Below are ten theological statements, each with a hypothesis…and a conclusion.
1. “God does not share his glory…so Jesus must not be divine.”
2. “God is love…so nobody will be sent to hell for eternity.”
3. “God will not be mocked…so he’ll remove your salvation if you keep sinning.”
4. “God is sovereign…so he is the one directly causing every event.”
5. “God is generous…so it’s never his will that you be poor.”
6. “God doesn’t make mistakes…so there are people created only for destruction, to whom salvation is never made available.”
7. “God is just…so he would never do #6.”
8. “God is welcoming…so nobody should be excluded from church.”
9. “It’s all about God…so he does not attend to matters like our personal identites.”
10. “God does not show favoritism…so Christians will not be raptured out of the Tribulation.”
No doubt, like me, you agree vigorously with all ten hypotheses but disagree with some of the conclusions (I’ve deliberately set it up that way).
My point today is not to debate each one, despite the passion they’ve already raised in you just in reading them (and in me in writing them). My point is instead to highlight our common use of weak supporting arguments.
All ten of those statements have one thing in common: Each shows a broad principle of God’s character being applied to a specific doctrine.
And that is a problem.
My pastors are all immensely generous men. That doesn’t mean that any of them are about to loan me $30,000 for a brand-new Toyota 4Runner if I walk up and ask. That isn’t how they operate; there’s more going on, more specifics to consider.
In the same way, relying on a simplistic character-based argument is typically a shaky pathway to discuss how God acts. There are always stronger Scriptural arguments to use.
Unfortunately, such broad-brush character arguments are rife amongst today’s Christians, while actual Biblical knowledge is at an all-time premium.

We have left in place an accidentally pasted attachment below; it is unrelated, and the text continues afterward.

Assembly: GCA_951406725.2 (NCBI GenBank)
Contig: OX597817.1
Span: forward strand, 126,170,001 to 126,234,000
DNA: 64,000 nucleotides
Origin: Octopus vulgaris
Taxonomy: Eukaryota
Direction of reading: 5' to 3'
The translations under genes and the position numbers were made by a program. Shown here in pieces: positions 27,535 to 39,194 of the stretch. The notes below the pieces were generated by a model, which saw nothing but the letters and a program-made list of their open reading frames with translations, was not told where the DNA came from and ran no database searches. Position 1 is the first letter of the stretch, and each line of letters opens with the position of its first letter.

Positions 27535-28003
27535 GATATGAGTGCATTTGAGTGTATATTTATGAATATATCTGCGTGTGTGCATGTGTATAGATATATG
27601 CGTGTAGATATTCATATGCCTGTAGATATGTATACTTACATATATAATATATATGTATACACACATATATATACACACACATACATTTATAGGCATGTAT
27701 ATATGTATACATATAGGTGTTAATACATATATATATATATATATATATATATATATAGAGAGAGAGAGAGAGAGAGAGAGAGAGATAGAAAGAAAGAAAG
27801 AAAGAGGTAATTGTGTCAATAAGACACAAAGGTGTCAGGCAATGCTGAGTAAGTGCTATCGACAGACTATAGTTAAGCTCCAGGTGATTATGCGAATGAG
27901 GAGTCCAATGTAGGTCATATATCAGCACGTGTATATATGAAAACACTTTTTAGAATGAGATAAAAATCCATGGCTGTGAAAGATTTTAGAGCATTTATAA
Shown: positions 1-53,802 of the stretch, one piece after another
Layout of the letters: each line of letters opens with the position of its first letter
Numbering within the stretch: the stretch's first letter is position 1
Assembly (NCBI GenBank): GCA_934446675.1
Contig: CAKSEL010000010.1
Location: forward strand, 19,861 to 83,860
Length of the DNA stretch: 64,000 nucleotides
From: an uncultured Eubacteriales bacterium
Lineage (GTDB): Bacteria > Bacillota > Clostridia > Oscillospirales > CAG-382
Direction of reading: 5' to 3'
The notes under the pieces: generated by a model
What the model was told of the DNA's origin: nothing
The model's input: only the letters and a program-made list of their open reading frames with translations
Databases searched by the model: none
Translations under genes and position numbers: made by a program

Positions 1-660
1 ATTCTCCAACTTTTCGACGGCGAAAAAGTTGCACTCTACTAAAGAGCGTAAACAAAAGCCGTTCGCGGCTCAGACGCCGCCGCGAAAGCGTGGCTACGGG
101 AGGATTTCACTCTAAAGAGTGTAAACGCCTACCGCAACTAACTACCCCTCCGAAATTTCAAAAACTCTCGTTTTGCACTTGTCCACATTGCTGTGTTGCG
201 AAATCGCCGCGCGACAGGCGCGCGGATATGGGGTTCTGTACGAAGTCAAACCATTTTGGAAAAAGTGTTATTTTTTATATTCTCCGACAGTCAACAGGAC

The other day (as just an example…again, not wanting to get hung up over this today), I saw a blogger claim that the Parable of the Talents from Matthew 25 is not describing the way God runs his kingdom, as the traditional interpretation goes, because the “harsh and greedy Master” described in the parable “does not seem to be very God-like”. His belief is that Jesus is using the parable to describe the Pharisees’ SOP of extorting the people.
Admittedly, this is one of the Gospels’ knottier passages. God acts with what (on the surface and in our view) seems an unreasonable judgment towards the parable’s third servant, the one who buried and returned his allocation without interest. Would a kind and generous God really do this?
Because closer exegesis (specifically verse 1) supports the idea that Jesus is indeed describing his own kingdom, damaging the possibility that he’s talking about something else. At least by my understanding.
Which leaves us to acknowledge that God is indeed entitled to behave that way, whether we like it or not. It’s about letting Scripture lead us, instead of trying to lead it; it’s about whether we trust it. Our place is to assume no contradiction, understand why he acts as he does (for he does offer understanding), and obey.
Don’t get me wrong, it is important to understand God’s characteristics. The problem is, like my pastors’, they start colliding. He is, for example, a God of love and a God of justice. That presents a problem because, needless to say, some of us are very interested in one and would gladly avoid the other.
But he remains Himself. God is not bound to our human definitions of love, sovereignty, justice, generosity, or anything else. He operates by his own definitions. And as long as we operate outside those definitions and substitute our own, we’ll get him wrong.
So where do we find the right parameters for God’s character?
Approached without bias. It is far better to dig deep into the Bible for where God directly addresses an idea, instead of falling back on superficial uses of his character.
Don’t worry. Objectivity is hard for me, too. But it’s necessary.
Doctrine gives us tough decisions to make, about whether we will accept God’s at his Word. But as John Piper said, “the Bible is where we meet Jesus. You can’t make Jesus up…He is the Jesus of the Bible or he is the Jesus of your imagination.”
And if this worries you, rest in the knowledge that these good practices, these habits of solid doctrine, ultimately lead to a shining treasure: that God is offering salvation by grace, not worked for, but received through faith – leading to our transference between kingdoms and a rich inheritance of eternal life.
That’s good doctrine.
It’s mighty good character, too.
This is what it means to be good Bereans. May we elevate our game and know his Word.